An in depth guide to fostering

Last updated: 26 January 2022

2. Who can foster and what factors are taken into account

Applications from all members of the community are welcome as we need a wide range of people to meet children and young people’s very different needs.

We are committed to recruiting carers from diverse racial, cultural and religious backgrounds.

People do not need to be married to become a foster family - they can also be single, divorced or cohabiting. We also welcome enquiries from the LGBTQ+ community.


There are no upper age limits but it is expected that carers are healthy and mature enough to work with the complex needs that some children may have.

Applicants wishing to care for children under 12 should be aged 21 or over. To be considered to care for teenagers, an applicant needs to be at least 25 years old.

Relationship or marital status

If you are in a partnership, either through marriage, civil partnership or a stable living arrangement, you can foster. People of all sexual orientations and genders can foster.

You will need to demonstrate that your partnership is stable, permanent and will be able to withstand the challenges that fostering can bring.

Single people can also foster. This arrangement can be seen as a positive choice for some children.

As with people in partnerships, applicants will need to show that they have strong and supportive network of family and friends to call on when they need to.

They will also need to consider arrangements in the event that single applicants become ill or unable to look after the child after becoming a foster carer.

If you have children

If you have children with a previous partner, all your children (or adult children if they are grown up) will need to be interviewed as part of the fostering assessment process and there will be a discussion with you about your ongoing involvement in their lives.

It is our practice to make contact with all relevant previous partners whenever applicants have parented together, or:

  • if you have been involved in a previous partnership regarded as of significance (i.e. which lasted for over a year and/or was a live-in arrangement, whether the care of children was included or not)
  • if you have children with a previous partner or have cared for children within a previous partnership

The previous partner will be asked if they are aware of any cause for concern, about each applicant caring for a child or whether they have known them to be violent, abusive or negative.

It is appreciated that this is a sensitive matter which may raise issues of concern, but we are interested in establishing applicant's ability to parent. We understand that some relationships do not end amicably and will take this into consideration.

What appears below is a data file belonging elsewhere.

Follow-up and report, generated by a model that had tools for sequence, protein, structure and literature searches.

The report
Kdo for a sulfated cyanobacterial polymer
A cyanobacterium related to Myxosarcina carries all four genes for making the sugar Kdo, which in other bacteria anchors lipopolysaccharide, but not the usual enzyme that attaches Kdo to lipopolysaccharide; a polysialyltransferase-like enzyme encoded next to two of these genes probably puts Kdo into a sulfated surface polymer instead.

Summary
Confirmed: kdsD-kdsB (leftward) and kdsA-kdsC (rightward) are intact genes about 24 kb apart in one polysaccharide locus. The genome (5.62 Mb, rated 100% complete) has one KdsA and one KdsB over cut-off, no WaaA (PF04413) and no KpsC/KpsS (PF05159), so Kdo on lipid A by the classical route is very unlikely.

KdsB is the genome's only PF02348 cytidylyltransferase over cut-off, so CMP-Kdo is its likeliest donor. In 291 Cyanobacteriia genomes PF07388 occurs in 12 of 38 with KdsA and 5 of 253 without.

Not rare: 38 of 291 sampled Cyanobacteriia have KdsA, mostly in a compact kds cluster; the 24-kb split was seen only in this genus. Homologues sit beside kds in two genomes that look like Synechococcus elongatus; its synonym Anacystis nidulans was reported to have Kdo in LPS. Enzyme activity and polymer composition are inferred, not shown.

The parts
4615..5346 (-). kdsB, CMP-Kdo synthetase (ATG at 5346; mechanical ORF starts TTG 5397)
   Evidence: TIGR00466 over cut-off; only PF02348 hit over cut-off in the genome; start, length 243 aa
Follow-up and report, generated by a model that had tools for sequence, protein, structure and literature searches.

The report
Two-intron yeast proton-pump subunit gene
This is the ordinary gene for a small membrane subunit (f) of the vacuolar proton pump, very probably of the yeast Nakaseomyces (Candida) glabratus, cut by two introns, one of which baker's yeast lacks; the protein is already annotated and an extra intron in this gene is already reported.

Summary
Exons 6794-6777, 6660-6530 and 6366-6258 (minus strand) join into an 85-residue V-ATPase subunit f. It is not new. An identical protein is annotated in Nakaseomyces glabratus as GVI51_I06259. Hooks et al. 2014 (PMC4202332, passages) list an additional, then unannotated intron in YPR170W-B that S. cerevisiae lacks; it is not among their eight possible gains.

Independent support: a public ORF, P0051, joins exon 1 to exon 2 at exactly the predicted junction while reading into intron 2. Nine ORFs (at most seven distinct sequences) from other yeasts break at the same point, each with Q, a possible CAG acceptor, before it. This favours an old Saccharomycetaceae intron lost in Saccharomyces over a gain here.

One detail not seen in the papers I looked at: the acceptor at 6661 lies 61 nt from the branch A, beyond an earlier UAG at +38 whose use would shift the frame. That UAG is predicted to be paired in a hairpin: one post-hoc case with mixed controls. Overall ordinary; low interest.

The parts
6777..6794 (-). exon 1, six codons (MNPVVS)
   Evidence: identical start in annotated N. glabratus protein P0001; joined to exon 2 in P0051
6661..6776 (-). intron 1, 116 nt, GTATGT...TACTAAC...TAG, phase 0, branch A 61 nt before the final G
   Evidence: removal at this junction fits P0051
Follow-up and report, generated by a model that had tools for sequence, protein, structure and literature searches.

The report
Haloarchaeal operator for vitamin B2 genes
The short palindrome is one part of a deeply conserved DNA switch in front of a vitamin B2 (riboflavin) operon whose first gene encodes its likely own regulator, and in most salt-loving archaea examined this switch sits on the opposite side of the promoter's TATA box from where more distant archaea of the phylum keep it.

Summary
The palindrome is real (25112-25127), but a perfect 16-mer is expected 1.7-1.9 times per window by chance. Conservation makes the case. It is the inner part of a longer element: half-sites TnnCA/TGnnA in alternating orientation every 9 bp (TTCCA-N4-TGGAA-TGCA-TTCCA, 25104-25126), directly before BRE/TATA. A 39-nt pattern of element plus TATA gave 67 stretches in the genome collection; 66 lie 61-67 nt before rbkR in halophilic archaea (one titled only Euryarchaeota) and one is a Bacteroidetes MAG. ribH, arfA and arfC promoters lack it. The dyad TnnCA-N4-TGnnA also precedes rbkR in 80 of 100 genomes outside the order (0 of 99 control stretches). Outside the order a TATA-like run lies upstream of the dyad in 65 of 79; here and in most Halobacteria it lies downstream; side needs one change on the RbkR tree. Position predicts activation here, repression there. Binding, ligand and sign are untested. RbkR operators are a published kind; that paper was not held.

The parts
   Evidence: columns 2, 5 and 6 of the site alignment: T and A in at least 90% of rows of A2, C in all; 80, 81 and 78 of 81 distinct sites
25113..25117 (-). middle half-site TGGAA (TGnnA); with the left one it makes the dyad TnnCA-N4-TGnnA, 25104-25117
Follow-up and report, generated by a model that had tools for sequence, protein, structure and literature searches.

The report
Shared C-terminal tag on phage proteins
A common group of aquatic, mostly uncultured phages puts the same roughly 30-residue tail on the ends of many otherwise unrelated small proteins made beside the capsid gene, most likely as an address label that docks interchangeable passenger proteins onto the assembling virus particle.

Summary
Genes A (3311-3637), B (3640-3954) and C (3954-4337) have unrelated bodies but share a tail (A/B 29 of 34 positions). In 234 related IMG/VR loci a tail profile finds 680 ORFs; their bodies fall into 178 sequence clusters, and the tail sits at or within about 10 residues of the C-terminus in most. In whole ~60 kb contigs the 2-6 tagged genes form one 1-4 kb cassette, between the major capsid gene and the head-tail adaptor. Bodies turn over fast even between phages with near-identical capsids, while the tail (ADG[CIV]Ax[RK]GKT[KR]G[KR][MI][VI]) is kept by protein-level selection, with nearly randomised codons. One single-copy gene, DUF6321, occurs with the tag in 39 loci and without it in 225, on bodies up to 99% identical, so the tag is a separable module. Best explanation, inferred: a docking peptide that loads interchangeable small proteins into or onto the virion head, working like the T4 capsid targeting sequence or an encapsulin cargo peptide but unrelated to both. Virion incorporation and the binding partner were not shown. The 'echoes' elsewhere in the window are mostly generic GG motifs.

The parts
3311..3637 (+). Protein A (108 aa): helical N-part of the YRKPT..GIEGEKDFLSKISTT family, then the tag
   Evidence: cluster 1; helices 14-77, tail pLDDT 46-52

An applicant’s outright refusal for us to contact ex-partners may have an impact on whether we can progress or not with your application. Discuss concerns with us as early as possible if this affects you or causes you anxiety. However, in all but the most unusual circumstances we will expect to speak to ex-partners.


It is important to have a spare bedroom to accommodate a foster child. If you live in rented accommodation, we are required to check your tenancy agreement and have a letter from the landlord showing that they are supportive of the tenants fostering.


You will need to be in good health and are able to manage the physical and emotional demands of caring for children.

Having a specific disability or medical condition will not necessarily prevent you from fostering. We will take advice from your doctor and the local authority Medical Advisor on your health and the possible implications for fostering. See information about the assessment process below.


Where someone in the household smokes cigarettes or e-cigarettes we would not place children under the age of 5 years.


Foster carers need to be available to care for children to meet their needs including taking them to school if necessary, attending meetings and other appointments as necessary.

Carers also need to be available during school holidays to care for a foster child.

Having a job does not necessarily prevent people from being considered for fostering. Applications from those who work from home, are self-employed or have flexible working arrangements will also be considered. There are various foster care schemes that may be suitable for applicants' circumstances.